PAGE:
At noon, Lee’s artillery pounded the Union lines with a massive barrage. The Confederates started crossing the field at 2 PM, advancing in a line that stretched almost a mile. Their march was slowed by fences across the field which left them bunched up and open to Union fire. When the troops reached half way, they were forced to climb the slope towards the ridge top. Union cannon, unaffected by the Confederate bombardment, and rifle fire decimated the Confederate attackers, so when the soldiers came within 400 yards of the Union position the Reb  line had shrunk to less than half a mile. The Confederate combatants charged once they closed within 300 yards, only to be cut down by cannister and musket fire. Led by General Armistead, some Confederates crossed the Union defense lines, but they were quickly pushed back from the “high watermark of the Confederacy” — the farthest north Lee’s army achieved.

The casualty list defined the failed strategy. Lee’s army lost 6,555 soldiers (1,123 killed, 4,019 wounded, the remainder captured). 26 of the 40 field officers leading the charge were lost as well as all 3 battlefield generals.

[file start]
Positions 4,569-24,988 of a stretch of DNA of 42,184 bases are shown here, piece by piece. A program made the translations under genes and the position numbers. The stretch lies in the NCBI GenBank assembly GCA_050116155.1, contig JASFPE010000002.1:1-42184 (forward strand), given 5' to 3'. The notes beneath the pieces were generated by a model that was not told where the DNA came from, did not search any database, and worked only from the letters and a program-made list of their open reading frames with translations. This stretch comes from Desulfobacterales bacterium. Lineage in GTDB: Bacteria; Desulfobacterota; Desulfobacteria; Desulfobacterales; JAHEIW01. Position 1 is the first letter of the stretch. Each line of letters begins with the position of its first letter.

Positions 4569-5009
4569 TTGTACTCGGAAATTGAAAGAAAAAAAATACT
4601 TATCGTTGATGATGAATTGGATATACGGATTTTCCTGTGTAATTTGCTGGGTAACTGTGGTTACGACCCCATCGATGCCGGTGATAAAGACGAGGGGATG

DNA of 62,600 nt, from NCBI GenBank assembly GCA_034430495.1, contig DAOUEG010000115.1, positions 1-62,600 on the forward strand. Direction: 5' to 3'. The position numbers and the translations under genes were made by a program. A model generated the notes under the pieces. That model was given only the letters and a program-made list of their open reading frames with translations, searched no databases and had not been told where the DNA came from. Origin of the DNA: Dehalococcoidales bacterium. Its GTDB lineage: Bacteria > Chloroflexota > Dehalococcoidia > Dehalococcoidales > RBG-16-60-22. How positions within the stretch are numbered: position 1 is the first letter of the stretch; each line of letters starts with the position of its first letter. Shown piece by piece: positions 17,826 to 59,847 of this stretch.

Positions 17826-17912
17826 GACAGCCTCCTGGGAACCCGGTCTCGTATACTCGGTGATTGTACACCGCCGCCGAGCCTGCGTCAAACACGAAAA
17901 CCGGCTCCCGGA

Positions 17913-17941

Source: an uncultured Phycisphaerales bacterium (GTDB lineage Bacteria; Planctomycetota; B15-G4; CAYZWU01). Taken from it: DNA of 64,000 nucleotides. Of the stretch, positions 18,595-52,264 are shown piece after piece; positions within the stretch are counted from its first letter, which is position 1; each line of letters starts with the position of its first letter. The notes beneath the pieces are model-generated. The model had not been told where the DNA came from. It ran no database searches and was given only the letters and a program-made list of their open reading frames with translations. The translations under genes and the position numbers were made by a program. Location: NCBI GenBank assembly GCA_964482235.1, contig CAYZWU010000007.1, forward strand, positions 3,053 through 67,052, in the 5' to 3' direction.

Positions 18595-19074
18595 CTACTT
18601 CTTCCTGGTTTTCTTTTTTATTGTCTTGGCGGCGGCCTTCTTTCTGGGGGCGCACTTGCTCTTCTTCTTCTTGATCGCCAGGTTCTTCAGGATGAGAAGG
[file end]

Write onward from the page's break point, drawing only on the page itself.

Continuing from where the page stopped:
How did perception doom Lee’s strategy?

While several tactical errors made significant contributions, the Gettysburg loss started with a poor strategy based upon inaccurate perceptions of the situation.

  • Lee changed strategy just before Gettysburg without fully analyzing its impact. Before Chancellorsville, most of Lee’s victories resulted from a defensive strategy. Lee would force the Union army to attack, which resulted in such significant troop loss that the Confederate counterattack succeeded. Lee’s aggressive strategy at Chancellorsville spurred the new offensive strategy implemented just prior to the Gettysburg encounter.
  • The general’s expectation of victory was founded in the aura of invincibility that permeated the Confederate army’s ranks, saying “if properly led (my troops) will go anywhere and never fail at the work before them.”
  • Lee’s frontal assault strategy was based on outdated Napoleonic tactics. This assault strategy no longer worked because the longer range of the Civil War rifle and cannon could obliterate the attacking Confederate ranks before they could engage and left too few combatants to consolidate the victory.